[R6RS] Enumerations proposal pre-draft
sperber at informatik.uni-tuebingen.de
Sat Apr 1 09:10:06 EST 2006
... is attached. It's adapted from the Scheme 48 manual. The
`define-enum-type' specified here differs slightly from Scheme 48's
`define-enumerated-type' (<name-constructor> was added, which I need
quite often). The enum-set stuff is identical to what's in Scheme 48.
It would need a bit of fleshing out (condition types, for instance),
but the basics are there. I also have a reference implementation
Cheers =8-} Mike
Friede, Völkerverständigung und überhaupt blabla
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Enumeration types are record types for which there are a fixed number
of instances, all of which are created at the same time as the record
The syntax for defining an enumerated type is:
(define-enum-type <tag> <type-name>
This defines a new record type, bound to <type-name>, with as many
instances as there are <instance-name>'s.
<Vector-of-instances-name> is bound to a vector containing the instances
of the type in the same order as the <instance-name> list.
<Tag> is bound to a macro that when given an <instance-name> expands
into an expression that returns the corresponding instance.
The name lookup is done at macro-expansion time.
<Predicate-name> is a predicate for the new type.
<Name-accessor> and <index-accessor> are accessors for the
name and index (in <vector-of-instances>) of instances of the type.
<Name-constructor> is a procedure that accepts a symbol naming an
instance, and returns the corresponding instance. If it is applied
to a symbol that does not name an instance, the procedure bound to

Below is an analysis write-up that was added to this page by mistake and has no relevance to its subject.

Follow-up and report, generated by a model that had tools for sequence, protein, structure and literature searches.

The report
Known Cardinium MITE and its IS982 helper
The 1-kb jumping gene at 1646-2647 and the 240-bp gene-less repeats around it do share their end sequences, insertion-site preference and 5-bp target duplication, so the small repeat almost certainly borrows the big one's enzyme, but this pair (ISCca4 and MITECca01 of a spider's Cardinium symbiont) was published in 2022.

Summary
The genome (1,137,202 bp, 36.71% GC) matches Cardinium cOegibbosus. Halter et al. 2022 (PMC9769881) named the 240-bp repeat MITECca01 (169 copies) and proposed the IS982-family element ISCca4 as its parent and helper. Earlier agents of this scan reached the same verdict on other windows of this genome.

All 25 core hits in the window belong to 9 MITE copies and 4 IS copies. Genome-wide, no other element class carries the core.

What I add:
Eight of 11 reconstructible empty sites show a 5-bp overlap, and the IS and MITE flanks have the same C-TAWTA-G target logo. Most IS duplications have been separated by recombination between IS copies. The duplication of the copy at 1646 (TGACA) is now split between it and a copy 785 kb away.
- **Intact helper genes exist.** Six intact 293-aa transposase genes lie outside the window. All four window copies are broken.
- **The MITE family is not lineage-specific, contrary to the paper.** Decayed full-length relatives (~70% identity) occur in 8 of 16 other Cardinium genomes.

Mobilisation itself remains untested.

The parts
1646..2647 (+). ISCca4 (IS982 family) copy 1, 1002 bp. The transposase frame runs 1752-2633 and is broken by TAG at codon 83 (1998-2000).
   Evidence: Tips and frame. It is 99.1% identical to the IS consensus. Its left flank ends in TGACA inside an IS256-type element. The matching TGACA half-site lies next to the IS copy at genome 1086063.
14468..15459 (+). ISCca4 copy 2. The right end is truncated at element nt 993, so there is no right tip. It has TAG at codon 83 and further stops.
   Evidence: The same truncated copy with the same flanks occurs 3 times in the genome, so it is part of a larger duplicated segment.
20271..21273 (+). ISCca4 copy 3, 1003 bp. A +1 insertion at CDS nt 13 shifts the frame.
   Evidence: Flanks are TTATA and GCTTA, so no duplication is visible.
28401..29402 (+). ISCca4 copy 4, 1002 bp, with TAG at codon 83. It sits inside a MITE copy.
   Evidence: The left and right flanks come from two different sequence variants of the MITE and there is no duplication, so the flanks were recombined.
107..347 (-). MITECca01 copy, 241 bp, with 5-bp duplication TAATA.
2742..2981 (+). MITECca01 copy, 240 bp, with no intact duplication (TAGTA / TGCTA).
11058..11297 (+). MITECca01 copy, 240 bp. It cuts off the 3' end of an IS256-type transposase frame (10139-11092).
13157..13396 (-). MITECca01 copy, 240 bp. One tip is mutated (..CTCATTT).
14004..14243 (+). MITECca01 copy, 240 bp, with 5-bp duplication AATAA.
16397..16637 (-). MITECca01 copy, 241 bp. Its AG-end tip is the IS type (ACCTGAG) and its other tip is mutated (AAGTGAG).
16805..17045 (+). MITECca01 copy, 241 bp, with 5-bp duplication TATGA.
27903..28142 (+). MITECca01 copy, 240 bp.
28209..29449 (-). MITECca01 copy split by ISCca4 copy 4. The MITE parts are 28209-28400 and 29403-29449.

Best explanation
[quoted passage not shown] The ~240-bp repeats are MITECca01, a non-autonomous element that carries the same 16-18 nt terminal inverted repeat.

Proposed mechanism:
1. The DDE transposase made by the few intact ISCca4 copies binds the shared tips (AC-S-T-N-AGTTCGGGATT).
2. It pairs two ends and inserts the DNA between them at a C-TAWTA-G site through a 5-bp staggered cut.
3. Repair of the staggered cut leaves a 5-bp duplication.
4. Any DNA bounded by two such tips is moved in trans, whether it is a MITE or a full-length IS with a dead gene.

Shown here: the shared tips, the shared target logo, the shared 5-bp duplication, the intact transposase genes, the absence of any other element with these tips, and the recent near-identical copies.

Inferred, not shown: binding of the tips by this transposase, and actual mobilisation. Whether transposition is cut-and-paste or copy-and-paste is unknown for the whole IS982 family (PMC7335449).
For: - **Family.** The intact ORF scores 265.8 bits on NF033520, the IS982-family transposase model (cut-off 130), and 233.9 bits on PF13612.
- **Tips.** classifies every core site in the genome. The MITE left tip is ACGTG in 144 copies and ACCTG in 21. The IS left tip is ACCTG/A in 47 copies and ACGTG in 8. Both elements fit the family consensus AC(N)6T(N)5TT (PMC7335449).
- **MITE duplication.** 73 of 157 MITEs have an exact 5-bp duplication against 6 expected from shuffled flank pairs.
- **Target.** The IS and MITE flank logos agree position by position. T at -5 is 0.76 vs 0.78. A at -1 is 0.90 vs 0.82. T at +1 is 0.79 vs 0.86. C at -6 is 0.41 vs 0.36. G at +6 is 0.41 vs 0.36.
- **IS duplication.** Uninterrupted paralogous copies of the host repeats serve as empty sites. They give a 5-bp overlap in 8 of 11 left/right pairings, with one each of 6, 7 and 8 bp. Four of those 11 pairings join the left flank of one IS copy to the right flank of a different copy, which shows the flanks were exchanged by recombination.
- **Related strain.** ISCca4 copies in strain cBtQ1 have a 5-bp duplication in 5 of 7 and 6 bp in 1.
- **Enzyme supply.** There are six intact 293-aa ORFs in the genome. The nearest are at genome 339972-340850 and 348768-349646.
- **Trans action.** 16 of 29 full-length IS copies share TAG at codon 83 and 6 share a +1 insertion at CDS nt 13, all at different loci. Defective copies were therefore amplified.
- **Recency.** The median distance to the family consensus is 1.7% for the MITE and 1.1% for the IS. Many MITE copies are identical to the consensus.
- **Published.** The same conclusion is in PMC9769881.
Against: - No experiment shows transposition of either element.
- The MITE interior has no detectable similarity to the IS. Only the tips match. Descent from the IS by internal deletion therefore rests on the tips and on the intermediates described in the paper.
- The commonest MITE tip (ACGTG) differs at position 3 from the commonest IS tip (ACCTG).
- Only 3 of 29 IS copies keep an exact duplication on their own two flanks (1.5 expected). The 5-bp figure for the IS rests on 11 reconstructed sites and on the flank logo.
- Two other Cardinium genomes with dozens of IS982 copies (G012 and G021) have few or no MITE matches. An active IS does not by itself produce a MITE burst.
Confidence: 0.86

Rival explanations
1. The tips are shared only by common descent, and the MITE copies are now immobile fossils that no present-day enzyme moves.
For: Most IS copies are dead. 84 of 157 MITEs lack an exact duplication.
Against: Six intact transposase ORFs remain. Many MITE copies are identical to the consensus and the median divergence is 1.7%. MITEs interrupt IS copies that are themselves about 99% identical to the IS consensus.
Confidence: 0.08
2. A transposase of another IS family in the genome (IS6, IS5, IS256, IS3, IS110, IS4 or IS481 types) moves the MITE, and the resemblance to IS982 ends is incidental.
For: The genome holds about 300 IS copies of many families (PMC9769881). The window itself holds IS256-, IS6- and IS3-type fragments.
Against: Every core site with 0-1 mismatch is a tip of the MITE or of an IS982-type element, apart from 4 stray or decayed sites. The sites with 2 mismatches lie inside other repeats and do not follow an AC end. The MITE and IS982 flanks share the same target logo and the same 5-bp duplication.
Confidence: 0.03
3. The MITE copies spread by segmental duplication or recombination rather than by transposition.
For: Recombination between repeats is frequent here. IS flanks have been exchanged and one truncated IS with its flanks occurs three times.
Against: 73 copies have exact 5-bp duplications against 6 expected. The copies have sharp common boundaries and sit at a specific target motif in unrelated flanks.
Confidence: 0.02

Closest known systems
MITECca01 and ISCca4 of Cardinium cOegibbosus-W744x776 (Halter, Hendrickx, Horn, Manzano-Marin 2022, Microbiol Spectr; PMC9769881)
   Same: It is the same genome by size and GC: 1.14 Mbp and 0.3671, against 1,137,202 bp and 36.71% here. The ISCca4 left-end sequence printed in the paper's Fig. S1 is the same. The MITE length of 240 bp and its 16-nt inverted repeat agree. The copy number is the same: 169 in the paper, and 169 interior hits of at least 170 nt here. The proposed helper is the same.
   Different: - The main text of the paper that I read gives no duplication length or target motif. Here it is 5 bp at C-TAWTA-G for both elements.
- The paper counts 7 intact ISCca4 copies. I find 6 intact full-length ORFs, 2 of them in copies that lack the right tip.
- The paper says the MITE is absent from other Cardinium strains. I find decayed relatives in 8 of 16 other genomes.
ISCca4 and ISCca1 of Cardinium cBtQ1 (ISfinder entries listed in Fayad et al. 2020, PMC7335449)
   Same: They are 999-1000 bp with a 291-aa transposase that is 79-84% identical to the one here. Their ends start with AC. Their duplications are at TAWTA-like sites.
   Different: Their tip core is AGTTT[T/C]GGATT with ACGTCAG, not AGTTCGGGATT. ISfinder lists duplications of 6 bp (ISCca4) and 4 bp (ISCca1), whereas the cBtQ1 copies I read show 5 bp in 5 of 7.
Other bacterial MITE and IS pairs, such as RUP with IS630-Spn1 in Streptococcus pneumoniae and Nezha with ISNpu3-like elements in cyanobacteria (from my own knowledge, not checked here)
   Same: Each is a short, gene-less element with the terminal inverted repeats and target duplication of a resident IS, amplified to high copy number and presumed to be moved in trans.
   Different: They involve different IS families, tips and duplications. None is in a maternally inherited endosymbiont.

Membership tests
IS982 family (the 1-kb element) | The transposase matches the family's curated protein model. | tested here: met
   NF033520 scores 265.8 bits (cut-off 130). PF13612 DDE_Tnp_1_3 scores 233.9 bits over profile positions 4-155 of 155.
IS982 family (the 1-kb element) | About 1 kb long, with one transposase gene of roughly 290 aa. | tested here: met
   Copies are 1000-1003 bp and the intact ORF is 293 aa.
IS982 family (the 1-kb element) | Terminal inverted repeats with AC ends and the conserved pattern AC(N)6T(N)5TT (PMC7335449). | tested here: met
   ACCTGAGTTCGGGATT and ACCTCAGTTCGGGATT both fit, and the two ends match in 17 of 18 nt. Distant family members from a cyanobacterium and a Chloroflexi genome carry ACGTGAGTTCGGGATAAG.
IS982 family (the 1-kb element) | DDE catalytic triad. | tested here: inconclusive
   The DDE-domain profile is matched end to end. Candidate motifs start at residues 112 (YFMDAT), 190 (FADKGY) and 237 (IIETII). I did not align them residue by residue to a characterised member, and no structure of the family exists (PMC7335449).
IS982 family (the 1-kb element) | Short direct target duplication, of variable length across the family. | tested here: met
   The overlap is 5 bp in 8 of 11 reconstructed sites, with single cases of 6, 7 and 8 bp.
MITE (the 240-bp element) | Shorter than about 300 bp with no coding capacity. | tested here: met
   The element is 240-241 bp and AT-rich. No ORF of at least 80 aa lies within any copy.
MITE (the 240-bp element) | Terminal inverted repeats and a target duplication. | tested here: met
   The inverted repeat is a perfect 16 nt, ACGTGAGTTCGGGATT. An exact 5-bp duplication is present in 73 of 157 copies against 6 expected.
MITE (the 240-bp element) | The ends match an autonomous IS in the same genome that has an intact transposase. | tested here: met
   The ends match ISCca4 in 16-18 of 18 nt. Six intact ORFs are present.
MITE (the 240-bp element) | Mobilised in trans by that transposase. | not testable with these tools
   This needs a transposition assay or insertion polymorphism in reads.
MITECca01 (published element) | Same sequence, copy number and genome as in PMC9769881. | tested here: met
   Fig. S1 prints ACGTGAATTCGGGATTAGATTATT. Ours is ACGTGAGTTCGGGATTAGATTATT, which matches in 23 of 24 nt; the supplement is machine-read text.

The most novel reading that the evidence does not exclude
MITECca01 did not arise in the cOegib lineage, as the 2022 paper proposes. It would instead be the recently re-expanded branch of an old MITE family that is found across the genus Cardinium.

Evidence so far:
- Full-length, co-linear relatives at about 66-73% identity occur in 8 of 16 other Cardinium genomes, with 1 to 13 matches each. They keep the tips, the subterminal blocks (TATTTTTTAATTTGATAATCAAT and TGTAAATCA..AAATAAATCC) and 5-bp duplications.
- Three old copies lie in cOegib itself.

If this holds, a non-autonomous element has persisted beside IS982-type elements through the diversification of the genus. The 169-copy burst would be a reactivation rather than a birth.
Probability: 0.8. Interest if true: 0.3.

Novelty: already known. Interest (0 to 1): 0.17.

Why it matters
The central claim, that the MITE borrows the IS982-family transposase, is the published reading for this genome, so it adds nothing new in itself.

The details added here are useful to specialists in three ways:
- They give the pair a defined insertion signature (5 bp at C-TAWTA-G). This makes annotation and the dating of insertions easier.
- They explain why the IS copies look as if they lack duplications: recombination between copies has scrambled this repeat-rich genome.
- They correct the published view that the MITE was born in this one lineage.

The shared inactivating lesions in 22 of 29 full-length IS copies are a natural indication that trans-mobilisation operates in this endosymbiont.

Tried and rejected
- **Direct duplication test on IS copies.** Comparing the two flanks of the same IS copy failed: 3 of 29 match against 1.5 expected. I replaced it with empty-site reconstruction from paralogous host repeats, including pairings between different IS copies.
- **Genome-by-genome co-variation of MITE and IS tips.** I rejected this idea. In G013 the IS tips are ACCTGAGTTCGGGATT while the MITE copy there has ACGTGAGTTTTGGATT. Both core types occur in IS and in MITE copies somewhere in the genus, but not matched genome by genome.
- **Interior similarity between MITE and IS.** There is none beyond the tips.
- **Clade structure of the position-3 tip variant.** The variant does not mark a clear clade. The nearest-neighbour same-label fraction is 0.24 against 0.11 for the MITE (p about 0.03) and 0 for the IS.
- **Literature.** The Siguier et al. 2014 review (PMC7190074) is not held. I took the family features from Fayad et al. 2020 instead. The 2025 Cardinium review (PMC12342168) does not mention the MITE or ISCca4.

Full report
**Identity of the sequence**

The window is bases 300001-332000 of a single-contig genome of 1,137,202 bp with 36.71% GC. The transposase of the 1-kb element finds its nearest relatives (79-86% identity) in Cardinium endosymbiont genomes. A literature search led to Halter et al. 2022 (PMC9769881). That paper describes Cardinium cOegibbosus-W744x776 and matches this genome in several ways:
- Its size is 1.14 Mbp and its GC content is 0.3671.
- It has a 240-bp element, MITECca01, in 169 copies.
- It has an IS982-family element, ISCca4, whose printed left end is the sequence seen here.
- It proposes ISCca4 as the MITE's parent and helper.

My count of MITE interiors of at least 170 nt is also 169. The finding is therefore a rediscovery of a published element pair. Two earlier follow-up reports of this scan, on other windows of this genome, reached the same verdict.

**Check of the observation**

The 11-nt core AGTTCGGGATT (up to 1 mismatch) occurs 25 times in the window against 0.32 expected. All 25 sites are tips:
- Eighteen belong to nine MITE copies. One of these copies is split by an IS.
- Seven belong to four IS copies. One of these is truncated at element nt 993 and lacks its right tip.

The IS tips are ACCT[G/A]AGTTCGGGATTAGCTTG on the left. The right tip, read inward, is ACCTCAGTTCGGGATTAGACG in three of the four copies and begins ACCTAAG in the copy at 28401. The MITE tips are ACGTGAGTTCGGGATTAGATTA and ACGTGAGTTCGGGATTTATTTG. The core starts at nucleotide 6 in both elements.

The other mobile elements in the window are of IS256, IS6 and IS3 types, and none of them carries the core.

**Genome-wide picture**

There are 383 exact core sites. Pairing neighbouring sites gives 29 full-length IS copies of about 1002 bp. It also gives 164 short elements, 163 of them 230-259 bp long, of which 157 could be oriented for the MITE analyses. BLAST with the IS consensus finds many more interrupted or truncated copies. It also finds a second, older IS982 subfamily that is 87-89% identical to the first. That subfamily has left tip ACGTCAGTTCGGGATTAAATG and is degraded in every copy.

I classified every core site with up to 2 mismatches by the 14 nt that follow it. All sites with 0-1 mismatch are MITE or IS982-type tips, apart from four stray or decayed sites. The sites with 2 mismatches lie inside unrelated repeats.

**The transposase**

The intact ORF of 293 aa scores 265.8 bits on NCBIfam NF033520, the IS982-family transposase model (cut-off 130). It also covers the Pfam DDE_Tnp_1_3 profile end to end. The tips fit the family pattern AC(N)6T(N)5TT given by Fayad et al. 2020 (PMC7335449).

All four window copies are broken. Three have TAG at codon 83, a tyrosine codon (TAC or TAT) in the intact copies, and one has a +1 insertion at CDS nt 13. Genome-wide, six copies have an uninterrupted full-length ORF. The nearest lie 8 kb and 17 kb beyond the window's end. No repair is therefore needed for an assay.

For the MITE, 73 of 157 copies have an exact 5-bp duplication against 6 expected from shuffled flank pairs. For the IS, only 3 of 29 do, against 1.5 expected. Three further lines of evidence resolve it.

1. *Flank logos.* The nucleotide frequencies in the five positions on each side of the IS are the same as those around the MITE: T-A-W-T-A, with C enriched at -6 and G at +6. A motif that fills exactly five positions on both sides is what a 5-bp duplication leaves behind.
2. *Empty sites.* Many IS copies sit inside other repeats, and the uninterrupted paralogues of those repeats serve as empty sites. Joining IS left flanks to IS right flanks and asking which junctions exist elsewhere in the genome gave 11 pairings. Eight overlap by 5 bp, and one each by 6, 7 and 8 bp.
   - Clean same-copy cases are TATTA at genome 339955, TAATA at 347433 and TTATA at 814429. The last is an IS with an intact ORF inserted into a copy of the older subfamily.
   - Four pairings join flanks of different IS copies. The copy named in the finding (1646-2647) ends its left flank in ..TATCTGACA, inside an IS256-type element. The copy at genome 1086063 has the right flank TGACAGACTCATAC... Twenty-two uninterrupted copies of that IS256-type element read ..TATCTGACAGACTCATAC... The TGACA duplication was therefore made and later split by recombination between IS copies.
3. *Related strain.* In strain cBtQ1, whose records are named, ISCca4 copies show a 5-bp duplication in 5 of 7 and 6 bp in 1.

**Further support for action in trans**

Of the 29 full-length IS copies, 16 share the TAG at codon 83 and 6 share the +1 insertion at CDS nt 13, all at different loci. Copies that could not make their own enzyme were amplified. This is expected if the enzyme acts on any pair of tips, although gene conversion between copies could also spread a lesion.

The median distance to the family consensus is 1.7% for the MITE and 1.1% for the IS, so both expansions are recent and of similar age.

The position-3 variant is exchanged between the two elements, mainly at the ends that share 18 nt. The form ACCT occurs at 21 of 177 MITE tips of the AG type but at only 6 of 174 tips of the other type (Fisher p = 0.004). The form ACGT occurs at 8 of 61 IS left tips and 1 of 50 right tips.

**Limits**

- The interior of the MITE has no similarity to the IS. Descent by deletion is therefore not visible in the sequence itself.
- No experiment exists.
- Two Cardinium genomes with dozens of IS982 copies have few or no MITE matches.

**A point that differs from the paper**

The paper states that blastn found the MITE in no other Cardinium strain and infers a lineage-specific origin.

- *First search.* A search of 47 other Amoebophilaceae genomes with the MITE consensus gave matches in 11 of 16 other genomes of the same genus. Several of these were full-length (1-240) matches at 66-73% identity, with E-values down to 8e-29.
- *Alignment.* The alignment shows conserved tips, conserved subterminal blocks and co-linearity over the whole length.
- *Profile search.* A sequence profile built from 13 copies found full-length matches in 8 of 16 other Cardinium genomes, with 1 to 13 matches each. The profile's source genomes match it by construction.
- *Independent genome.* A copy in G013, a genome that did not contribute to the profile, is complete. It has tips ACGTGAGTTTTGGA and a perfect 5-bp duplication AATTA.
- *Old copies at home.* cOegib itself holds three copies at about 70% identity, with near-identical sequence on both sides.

<name-constructor> returns #f.
(define-enum-type color :color
(black white purple maroon))
(color-name (vector-ref colors 0)) => black
(color-name (color white)) => white
(color-name (name->color 'white)) => white
(color-index (color purple)) => 2
Enumeration-set types work naturally with the enumeration types, but
are not tied to them. The syntax for defining such a type is:
(define-enum-set-type <id> <type-name> <predicate> <constructor>
<element-syntax> <element-predicate> <all-elements> <element-index-ref>)
This defines <id> to be syntax for constructing sets, <type-name> to
be a value representing the type, <predicate> to be a predicate for
those sets, and <constructor> a procedure for constructing one from a
<Element-syntax> must be the name of a macro for constructing set
elements from names (akin to the <tag> argument to
`define-enum-type'). <Element-predicate> must be a predicate for the
element type, <all-elements> a vector of all values of the element
type, and <element-index-ref> must return the index of an element
within the <all-elements> vector.
(enum-set->list enum-set) => list
(enum-set-member? enum-set enumerand) => boolean
(enum-set=? enum-set enum-set) => boolean
(enum-set-union enum-set enum-set) => enum-set
(enum-set-intersection enum-set enum-set => enum-set
(enum-set-negation enum-set) => enum-set
`Enum-set->list' converts a set into a list of its elements.
`Enum-set-member?' tests for membership. `Enum-set=?' tests two sets
of equal type for equality. (If its arguments are not of the same
type, `enum-set=?' raises an exception.) `Enum-set-union' computes
the union of two sets of equal type, `enum-set-intersection' computes
the intersection, and `enum-set-negation' computes the complement of a
Here is an example. Given the above enumerated type `color', we can
define sets of colors:
(define-enum-set-type color-set :color-set
color color? colors color-index)
> (map color-name (enum-set->list (color-set black white)))
> (map color-name (enum-set->list (enum-set-negation (color-set black white))))
> (enum-set-member? (color-set black white) (color white))
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